Bailey: In my wildest dreams, I would have never expected that this project would take me where it did! But I could have never gotten here on my own. I’m so grateful to the many, many people who encouraged me and helped me along the way. I can never thank them enough and only hope that the film will inspire change in others and keep this important conversation going.

NEDA: The Student Body is your directorial debut. Can you tell us what that experience was like? 

Bailey: Taking on something so challenging has been life-changing for me. I went from being a shy, terrified high school student to being an assertive, ambitious journalist. The experience of directing completely changed me, too. I learned to take on big challenges, to do things outside of my comfort zone, to push myself and not be so afraid. In doing this, I feel like I was able to become the person I wanted to be and grow beyond the person I was. 

It was so difficult to work on such a big project for over two years, while barely anyone knew what I was doing, and to wonder if my effort would ever matter to anyone. As we were finishing, Michael Moore invited us to premiere the movie at his film festival in Michigan. I was terrified! After the film played, it was so rewarding to see people have such a positive, emotional reaction to it. People shared their own stories with me, explained how the film changed their minds about obesity, and I could then see the positive change that the film could have. The experience has been overwhelming.  

NEDA: How do you think The Student Body can open conversations about body shaming and BMI?

Bailey: My hope is that The Student Body will finally personalize the issue. It’s one thing to cast a vote in a senate hearing room, to look at numbers on a BMI chart, to assume that kids are just lazy and eating junk food all day, and to imagine that people can be shamed into better health. But it’s another thing to actually see the face of the issue. And that’s what the film does. We see the kids who are affected, we hear their personal stories, we face the parents and we hear from researchers and experts who have spent their lives in this field. So, I challenge anyone to NOT have a conversation about body shaming and BMI after seeing the movie! That’s why I think documentary film is a powerful medium, like no other.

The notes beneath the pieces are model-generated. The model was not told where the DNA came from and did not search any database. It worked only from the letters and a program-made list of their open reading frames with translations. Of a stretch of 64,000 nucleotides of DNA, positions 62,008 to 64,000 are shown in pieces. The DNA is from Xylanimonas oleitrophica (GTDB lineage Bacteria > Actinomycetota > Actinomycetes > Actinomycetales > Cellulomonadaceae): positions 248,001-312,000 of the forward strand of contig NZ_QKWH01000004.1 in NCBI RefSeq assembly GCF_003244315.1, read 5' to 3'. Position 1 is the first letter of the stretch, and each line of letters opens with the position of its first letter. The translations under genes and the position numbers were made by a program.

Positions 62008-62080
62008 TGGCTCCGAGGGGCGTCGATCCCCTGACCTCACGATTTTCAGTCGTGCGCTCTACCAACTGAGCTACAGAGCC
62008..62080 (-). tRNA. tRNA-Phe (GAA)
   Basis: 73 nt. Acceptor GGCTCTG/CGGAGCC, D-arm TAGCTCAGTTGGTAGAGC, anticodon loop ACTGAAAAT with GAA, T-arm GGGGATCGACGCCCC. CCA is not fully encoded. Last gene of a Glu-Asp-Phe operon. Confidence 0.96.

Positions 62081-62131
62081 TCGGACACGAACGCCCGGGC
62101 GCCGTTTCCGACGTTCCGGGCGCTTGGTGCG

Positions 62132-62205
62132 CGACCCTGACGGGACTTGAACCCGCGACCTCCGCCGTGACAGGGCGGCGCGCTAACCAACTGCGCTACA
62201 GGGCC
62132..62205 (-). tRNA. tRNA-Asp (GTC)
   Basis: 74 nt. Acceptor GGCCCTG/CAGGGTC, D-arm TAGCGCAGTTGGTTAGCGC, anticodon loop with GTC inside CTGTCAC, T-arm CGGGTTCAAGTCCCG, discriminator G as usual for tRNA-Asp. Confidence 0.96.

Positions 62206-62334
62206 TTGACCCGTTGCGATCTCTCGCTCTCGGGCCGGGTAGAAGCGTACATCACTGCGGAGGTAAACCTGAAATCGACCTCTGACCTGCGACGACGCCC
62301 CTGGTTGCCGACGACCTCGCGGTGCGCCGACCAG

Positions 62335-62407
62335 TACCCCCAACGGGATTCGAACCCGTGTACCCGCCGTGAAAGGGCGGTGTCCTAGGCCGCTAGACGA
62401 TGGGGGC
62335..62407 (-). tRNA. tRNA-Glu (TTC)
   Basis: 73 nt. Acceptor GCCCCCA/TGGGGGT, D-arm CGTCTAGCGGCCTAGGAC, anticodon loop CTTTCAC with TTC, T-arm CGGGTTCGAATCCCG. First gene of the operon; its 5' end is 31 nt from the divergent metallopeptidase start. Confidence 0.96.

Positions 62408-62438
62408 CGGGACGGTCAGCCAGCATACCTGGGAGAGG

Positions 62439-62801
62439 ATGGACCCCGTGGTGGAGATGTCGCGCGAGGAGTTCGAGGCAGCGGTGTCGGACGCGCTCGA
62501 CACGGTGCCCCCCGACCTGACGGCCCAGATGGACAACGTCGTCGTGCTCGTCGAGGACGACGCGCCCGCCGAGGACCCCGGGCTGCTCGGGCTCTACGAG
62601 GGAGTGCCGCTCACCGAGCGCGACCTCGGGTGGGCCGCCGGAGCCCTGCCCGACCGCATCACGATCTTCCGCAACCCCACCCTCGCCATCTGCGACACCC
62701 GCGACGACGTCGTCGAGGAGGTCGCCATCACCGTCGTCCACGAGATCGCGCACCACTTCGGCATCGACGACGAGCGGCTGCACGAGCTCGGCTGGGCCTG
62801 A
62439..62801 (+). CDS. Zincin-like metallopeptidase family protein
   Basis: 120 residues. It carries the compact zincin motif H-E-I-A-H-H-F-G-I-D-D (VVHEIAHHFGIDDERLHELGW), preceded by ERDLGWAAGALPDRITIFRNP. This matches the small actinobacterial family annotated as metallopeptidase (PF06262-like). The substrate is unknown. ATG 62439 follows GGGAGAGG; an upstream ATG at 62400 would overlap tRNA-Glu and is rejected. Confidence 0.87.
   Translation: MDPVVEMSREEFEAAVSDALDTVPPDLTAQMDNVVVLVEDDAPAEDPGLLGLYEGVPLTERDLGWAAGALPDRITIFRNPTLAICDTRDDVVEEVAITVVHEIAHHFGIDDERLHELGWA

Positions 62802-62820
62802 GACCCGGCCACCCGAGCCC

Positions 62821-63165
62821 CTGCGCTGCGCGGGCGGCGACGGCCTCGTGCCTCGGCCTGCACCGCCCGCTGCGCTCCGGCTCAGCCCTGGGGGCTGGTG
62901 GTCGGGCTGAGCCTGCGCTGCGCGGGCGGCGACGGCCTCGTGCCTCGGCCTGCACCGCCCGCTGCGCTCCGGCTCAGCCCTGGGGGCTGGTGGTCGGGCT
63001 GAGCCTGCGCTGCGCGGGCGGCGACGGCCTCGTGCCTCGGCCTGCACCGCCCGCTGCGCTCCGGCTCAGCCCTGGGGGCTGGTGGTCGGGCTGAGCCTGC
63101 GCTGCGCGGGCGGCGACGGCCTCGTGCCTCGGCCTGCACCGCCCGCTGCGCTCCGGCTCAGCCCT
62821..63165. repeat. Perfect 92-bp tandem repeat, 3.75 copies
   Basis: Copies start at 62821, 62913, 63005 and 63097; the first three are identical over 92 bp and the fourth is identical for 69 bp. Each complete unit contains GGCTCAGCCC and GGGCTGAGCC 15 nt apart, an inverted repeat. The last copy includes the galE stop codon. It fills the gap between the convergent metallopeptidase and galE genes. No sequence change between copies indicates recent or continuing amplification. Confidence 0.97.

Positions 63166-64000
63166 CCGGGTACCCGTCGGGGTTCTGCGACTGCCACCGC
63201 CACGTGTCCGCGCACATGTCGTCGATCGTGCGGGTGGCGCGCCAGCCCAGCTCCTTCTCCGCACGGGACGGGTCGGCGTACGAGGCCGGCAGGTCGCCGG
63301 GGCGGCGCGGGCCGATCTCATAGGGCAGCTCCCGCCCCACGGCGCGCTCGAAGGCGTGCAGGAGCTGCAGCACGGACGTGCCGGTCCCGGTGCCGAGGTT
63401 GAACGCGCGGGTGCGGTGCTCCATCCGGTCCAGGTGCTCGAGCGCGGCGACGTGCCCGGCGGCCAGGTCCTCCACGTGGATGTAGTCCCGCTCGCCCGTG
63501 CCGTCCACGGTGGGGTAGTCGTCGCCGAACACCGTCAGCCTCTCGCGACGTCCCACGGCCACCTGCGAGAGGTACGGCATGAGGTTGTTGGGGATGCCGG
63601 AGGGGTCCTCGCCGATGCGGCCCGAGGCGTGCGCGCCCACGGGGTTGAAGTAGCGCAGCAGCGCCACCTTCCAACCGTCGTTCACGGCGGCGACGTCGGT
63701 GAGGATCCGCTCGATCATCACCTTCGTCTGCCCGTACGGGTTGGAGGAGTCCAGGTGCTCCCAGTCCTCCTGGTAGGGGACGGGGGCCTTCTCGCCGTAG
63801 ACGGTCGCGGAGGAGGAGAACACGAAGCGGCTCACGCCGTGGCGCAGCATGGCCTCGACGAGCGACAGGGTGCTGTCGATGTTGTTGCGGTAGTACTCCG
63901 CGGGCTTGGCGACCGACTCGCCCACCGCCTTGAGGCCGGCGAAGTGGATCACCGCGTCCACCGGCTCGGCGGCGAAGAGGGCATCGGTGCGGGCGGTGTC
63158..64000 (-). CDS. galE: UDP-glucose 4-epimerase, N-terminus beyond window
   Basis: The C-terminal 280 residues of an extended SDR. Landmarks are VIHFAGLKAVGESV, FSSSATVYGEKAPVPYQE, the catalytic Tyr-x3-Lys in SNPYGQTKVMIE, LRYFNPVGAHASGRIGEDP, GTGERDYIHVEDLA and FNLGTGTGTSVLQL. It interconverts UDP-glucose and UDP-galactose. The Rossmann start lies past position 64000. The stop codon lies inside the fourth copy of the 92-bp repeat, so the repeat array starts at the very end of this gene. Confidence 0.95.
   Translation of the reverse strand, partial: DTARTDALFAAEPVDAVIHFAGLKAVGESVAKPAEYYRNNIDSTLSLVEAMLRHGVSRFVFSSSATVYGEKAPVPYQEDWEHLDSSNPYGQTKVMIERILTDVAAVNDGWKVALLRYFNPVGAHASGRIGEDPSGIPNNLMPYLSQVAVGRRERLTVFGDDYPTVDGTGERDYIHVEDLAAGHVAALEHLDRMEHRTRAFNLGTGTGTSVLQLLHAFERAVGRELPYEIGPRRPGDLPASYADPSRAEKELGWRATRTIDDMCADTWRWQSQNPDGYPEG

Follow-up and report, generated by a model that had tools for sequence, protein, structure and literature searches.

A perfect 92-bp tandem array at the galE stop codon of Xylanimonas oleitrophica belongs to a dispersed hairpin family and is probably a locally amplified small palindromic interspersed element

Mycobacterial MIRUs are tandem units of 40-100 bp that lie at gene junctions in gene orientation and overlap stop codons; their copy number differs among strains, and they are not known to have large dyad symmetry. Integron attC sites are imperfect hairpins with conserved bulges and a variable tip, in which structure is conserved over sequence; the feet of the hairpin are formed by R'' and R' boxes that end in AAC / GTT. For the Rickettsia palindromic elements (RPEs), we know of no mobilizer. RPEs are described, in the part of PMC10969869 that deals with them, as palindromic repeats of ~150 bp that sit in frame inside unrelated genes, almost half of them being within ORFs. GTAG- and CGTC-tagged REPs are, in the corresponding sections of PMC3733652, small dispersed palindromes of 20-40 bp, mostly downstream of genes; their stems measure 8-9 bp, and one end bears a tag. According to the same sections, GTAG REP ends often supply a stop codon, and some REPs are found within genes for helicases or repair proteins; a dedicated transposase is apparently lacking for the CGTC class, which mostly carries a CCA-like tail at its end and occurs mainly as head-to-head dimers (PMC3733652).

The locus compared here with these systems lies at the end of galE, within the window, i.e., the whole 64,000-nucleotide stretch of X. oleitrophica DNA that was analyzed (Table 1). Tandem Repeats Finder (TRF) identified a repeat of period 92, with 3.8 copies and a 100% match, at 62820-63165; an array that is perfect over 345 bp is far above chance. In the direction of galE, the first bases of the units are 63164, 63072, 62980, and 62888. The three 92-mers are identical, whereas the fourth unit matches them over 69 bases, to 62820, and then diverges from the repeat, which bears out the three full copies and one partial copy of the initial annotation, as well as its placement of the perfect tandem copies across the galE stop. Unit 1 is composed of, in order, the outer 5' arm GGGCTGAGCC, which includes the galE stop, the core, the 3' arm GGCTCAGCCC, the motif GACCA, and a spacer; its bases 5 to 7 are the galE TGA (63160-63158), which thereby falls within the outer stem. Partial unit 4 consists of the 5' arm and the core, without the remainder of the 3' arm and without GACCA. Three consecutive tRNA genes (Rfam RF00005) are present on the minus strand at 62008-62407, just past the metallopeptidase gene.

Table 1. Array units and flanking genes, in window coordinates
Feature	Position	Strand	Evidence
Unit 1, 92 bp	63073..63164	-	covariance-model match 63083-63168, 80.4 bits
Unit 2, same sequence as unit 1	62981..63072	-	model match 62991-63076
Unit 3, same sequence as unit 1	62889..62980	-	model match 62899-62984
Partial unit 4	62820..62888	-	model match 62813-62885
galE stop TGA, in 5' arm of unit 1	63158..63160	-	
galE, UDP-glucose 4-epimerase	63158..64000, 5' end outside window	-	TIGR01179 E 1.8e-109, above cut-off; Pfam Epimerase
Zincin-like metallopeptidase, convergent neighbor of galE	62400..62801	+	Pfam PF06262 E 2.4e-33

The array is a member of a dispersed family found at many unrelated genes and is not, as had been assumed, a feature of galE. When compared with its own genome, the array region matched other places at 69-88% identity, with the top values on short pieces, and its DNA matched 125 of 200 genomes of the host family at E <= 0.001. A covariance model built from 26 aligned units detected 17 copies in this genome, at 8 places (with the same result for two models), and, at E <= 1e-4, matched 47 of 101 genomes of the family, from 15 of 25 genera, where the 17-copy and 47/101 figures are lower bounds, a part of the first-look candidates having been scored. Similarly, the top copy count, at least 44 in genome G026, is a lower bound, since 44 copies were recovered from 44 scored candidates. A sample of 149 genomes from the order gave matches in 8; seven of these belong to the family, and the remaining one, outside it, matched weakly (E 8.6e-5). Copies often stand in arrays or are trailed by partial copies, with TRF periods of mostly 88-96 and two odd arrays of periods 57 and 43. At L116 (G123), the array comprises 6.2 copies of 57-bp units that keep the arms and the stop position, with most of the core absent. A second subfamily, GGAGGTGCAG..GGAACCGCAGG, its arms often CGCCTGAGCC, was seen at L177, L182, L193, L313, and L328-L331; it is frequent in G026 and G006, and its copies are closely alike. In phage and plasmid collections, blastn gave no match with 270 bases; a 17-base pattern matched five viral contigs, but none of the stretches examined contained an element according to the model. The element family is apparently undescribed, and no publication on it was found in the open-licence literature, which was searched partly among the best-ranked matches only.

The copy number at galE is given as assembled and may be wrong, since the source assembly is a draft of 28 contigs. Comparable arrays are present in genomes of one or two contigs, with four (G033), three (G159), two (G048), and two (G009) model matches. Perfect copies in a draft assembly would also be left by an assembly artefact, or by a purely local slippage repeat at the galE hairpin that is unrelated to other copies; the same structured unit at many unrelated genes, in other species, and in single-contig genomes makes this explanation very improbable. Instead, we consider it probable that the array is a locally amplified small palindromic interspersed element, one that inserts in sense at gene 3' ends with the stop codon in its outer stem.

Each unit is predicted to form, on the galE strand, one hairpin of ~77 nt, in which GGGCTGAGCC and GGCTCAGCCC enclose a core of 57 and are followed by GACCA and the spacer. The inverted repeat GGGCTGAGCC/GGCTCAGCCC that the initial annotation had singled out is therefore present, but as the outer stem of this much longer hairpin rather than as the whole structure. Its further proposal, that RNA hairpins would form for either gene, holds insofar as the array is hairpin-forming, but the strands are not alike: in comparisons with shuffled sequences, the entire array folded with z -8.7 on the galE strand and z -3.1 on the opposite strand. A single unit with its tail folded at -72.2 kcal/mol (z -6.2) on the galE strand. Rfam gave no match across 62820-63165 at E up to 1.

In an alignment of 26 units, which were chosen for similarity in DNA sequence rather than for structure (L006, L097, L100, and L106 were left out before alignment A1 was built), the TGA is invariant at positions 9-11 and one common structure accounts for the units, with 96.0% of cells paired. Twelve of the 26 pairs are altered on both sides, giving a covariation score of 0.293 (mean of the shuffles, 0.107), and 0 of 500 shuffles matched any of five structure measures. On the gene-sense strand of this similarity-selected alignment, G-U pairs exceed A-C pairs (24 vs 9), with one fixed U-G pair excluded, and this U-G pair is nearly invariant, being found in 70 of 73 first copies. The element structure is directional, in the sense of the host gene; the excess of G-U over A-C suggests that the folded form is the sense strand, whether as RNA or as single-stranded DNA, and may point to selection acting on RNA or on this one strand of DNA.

I also think that the film is a conversation starter. The film raises a lot of questions and introduces some concepts that people may have never thought about, but it can’t be the entire picture. That’s where organizations like the National Eating Disorders Association come in—to answer those questions and to be an ongoing resource of information and support for people. 

NEDA: What can young people do to protest unfair school policies, like body-shaming dress codes and BMI tests?

Bailey: A few things that I suggest to young people:  

  1. Always be respectful. Taking a stand, speaking your mind and challenging authority doesn’t mean you have the right to disrespect another person in the process. Otherwise, you’ve just done something wrong yourself!
  2. Find an adult to learn from and help support you. My friend, Maddie, had a strong, smart, loving mother who was willing to stand behind her when she protested. For me, my dad had my back all along the way as I challenged authority at every corner. This can help give you the courage you need when taking on big challenges and getting outside our comfort zone.
  3. Know your rights. My dad taught me that 90% of having rights is knowing your rights! Learn from an adult what is possible, what actions you can actually take, and what your rights are. Then bravely exercise those rights! Trust me, it feels great!
  4. Use your powerful voice! It’s surprising to learn that many people might feel the same way you do, but everyone is just waiting for someone else to speak up. Well, maybe you should be that “someone”! Start the conversation with your peers, your teachers, your parents and your school board. You’ll be amazed at the change that can happen when you finally choose to use our voice. I’ve experienced this twice in high school and you see it in the film. It’s amazing, it’s simple, and it can really change things for the better. You can do it, too!

The Student Body will premiere on October 5th at Regal E-Walk, 247 W 42nd Street (near Times Square). Claire Mysko, CEO of the National Eating Disorders Association, will be available for audience engagements after the NYC screening